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The Eat More, Weigh Less Diet for Seniors

Dr. Dean Ornish is famous for his strict low fat diet program that reduces heart disease risk and even reverses arterial damage. The findings from his now famous "Lifestyle Heart Trial" research, which show that major lifestyle changes can significantly reduce the risk of developing atherosclerosis and heart disease, are so well accepted that participation in one of the lifestyle program's hospital sites is even covered by some health insurance companies.

Quick Take

  • A very low fat diet (10 percent of total calories)
  • Includes lots of fruits, vegetables, whole grains, and legumes
  • Prohibits sweeteners and refined carbohydrates
  • Requires meal preparation to ensure variety in the diet
  • Encourages meditation and exercise

This Diet Is Best for:

People who are ready and willing to overhaul their lifestyle and eating habits and to sacrifice some of the pleasures of eating. Following the diet may only be possible if your whole family is up to the challenge.

Who Should Not Try This Diet:

If you have trouble adjusting to change, then this diet is not for you. If you're into convenience foods and aren't willing to spend time preparing special low fat dishes, don't choose this diet.

The Premise

Ornish's program restricts fat intake to ten percent or less of daily calories and prohibits animal products, oils, and sugar. The Ornish plan calls for eating a very low fat vegetarian diet, relaxation, and exercise. A side benefit of the program, he discovered, is weight loss.

How much the diet benefits you is not a matter of age but how well you follow the program. This book is already a classic; it was one of the first to advocate such a major cutback in fat while increasing the intake of complex carbohydrate foods. Here Ornish translates the Lifestyle Heart Trial program for people focusing on weight loss.

The Rationale

Ornish believes that it's better to make broad, comprehensive changes in your diet all at once rather than to make small, moderate changes. Thus, he advocates dropping your fat intake from the typical 30 to 40 percent of calories to 10 percent and switching from a diet high in sugar to one that contains virtually none.

The rationale for the drastic reduction in fat, Ornish says, is that fat calories are more easily converted to fat in the body. A diet high in complex carbohydrates, on the other hand, is inefficient at converting the calories to fat. In fact, some calories are wasted during the conversion, allowing you to eat more calories than you could on a higher fat diet.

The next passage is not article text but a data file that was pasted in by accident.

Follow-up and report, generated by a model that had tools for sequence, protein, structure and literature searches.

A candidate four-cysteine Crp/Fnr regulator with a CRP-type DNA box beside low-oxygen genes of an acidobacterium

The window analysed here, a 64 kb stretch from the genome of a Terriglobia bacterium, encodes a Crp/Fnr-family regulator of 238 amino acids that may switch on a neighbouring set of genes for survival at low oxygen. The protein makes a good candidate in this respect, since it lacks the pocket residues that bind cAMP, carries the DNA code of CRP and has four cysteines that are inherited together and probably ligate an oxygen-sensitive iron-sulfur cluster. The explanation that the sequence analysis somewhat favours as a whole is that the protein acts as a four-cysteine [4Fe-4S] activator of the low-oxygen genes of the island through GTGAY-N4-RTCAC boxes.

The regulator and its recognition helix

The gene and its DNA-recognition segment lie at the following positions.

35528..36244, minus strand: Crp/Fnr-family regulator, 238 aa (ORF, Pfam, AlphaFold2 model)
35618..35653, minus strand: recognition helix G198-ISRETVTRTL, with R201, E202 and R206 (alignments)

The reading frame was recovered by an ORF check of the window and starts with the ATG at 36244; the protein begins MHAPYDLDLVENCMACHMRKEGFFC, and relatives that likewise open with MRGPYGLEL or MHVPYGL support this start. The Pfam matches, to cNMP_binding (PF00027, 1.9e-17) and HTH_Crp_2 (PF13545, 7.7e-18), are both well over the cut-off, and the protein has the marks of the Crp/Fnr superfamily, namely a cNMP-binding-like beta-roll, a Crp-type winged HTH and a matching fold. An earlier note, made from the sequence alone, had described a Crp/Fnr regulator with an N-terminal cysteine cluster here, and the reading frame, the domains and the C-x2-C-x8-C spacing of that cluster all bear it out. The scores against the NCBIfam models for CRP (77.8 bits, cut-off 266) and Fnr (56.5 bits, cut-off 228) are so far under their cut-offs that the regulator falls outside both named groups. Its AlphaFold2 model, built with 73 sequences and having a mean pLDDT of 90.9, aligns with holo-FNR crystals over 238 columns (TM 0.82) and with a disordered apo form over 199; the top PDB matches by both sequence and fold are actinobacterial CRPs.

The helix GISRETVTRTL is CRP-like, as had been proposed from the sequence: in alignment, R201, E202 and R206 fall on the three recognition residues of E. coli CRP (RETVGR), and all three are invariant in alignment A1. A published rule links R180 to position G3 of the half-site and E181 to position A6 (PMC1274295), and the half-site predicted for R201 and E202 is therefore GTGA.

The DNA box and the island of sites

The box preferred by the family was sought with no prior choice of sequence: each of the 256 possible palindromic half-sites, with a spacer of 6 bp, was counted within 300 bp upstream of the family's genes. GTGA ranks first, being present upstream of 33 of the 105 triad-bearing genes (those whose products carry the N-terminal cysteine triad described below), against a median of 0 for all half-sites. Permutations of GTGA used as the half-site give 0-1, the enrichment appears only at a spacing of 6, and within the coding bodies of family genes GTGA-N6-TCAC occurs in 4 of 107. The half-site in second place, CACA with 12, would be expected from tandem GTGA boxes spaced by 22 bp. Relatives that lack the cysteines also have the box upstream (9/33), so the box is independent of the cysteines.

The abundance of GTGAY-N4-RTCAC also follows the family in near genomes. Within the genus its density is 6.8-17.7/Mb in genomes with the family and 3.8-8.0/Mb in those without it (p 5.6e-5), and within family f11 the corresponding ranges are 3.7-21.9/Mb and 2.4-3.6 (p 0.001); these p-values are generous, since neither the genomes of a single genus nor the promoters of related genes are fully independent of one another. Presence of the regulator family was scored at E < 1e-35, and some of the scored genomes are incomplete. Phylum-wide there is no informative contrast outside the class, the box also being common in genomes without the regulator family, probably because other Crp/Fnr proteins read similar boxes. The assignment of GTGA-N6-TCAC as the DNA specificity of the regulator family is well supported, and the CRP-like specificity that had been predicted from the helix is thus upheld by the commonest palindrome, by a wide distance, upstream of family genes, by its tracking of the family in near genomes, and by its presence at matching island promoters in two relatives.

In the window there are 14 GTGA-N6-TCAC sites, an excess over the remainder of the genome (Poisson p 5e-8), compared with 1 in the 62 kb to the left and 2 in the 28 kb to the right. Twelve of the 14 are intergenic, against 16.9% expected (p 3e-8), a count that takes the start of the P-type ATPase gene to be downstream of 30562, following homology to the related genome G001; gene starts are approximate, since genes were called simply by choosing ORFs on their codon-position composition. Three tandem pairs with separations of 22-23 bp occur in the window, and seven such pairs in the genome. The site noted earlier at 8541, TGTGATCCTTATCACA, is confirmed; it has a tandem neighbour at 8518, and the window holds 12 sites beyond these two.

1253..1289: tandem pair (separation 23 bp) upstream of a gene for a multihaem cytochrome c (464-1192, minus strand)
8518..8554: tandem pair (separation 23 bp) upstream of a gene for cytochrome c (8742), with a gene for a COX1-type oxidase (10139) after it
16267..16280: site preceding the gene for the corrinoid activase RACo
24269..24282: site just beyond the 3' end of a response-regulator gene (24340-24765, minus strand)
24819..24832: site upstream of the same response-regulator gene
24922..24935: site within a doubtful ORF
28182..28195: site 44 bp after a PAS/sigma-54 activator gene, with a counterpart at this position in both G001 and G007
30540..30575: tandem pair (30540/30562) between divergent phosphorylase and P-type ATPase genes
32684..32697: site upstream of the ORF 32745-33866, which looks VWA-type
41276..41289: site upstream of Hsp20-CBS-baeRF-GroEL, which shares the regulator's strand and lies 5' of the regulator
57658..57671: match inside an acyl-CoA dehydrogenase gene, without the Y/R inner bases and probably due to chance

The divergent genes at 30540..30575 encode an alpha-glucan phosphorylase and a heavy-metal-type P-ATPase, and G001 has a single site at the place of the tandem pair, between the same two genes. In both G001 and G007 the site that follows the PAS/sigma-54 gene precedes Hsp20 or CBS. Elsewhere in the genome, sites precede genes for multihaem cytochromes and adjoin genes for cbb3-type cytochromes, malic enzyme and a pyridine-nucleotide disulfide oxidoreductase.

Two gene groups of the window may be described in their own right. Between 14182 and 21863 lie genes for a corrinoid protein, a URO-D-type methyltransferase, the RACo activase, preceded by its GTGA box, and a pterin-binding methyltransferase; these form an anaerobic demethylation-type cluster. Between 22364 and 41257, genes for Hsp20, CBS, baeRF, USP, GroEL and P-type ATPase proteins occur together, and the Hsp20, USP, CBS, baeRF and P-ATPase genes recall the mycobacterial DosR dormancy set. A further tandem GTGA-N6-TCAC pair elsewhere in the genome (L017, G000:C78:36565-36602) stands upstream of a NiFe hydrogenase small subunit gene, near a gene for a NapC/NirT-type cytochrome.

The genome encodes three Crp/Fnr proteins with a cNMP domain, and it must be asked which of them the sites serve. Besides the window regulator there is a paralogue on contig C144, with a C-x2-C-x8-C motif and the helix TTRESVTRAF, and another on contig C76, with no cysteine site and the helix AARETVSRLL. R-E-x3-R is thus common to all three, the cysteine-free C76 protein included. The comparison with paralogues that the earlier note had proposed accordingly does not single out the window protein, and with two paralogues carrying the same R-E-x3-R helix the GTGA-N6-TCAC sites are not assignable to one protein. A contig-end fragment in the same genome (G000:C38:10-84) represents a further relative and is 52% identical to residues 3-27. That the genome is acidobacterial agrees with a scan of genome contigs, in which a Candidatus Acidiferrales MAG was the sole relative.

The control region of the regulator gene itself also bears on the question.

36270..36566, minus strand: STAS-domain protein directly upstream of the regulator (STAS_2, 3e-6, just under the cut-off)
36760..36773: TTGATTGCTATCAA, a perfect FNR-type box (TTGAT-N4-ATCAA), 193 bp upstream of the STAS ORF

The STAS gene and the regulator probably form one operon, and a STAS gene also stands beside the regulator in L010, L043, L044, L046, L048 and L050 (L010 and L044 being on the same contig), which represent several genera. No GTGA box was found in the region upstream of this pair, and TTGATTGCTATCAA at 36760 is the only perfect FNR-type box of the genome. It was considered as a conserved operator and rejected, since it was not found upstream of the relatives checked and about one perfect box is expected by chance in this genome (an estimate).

Moreover, a diet low in fat is by default low in calories and reduces the body's production of free radicals, which are destructive compounds that are believed to contribute to the aging process.

Eating on the Eat More, Weight Less Diet

Eat More, Weigh Less provides more recipes than most diet books -- and with good reason. It's tough to buy and prepare foods with such a low fat content. In fact, more than half the book's pages are devoted to recipes.

A typical day's menu might include Scrambled Mexican Tofu, salsa, whole-wheat toast, and orange juice for breakfast; Black Pepper Polenta with Bell Pepper Sauce and Shiitake Mushrooms, Italian Bean Salad, Tossed Green Salad, and Melon Sorbet for lunch; Roasted Tomato Sandwiches, Anasazi Bean Soup with Corn and Chili, Oven-Roasted Potatoes with Fresh Herbs, green salad, fresh fruit, and Apples and Raspberries in Apple-Ginger Consomme for dinner.

A table of some common foods and their nutrient content is also provided at the end of the book.

What the Experts Say

Most experts acknowledge Ornish's body of research showing the dramatic opening of clogged arteries experienced by most people following his program. However, the biggest problem most experts have with Ornish's diet is that it's just not realistic for most people.

The real test of any diet program is how easy it is to stick with over the long haul. Regardless of how healthful a diet may be, it's useless if you can't stay on it. That lack of stick-to-it-ability may be the downfall of Ornish's plan for the majority of people.

There's no doubt that if you're able to stick with it, Ornish's diet works. The question is whether you're willing to go that far with your dietary changes. Though exercise is encouraged, especially walking, few specifics are provided about how to get started and keep going. And because the diet is so low in fat, you'll need to do some special food preparation every day if you want to avoid meal monotony.

While the diet should help lower your risk of cardiovascular disease, it could be low in some fat-soluble vitamins that are so important as you age, such as vitamins D and E, if you don't supplement them. The same is true of calcium. While calcium-rich, fat-free dairy products are allowed on the diet, the sample menus provide only about one serving a day -- not nearly enough to meet your increased calcium needs.

Calorie quota: There is no calorie quota and no food exchanges or allowances. The focus is on the type of calories, not the number. Generally speaking, it's rather difficult to overeat on a diet that contains only ten percent calories from fat.

Yes: Fruits, vegetables, whole grains, legumes, meditation, exercise

No: Fatty foods, oils, sugar, sweeteners, refined grains

Other similar diets: The Pritikin Weight-Loss Breakthrough

In the next section, get information on how to eat right for your body type and find out if this plan is safe and effective.

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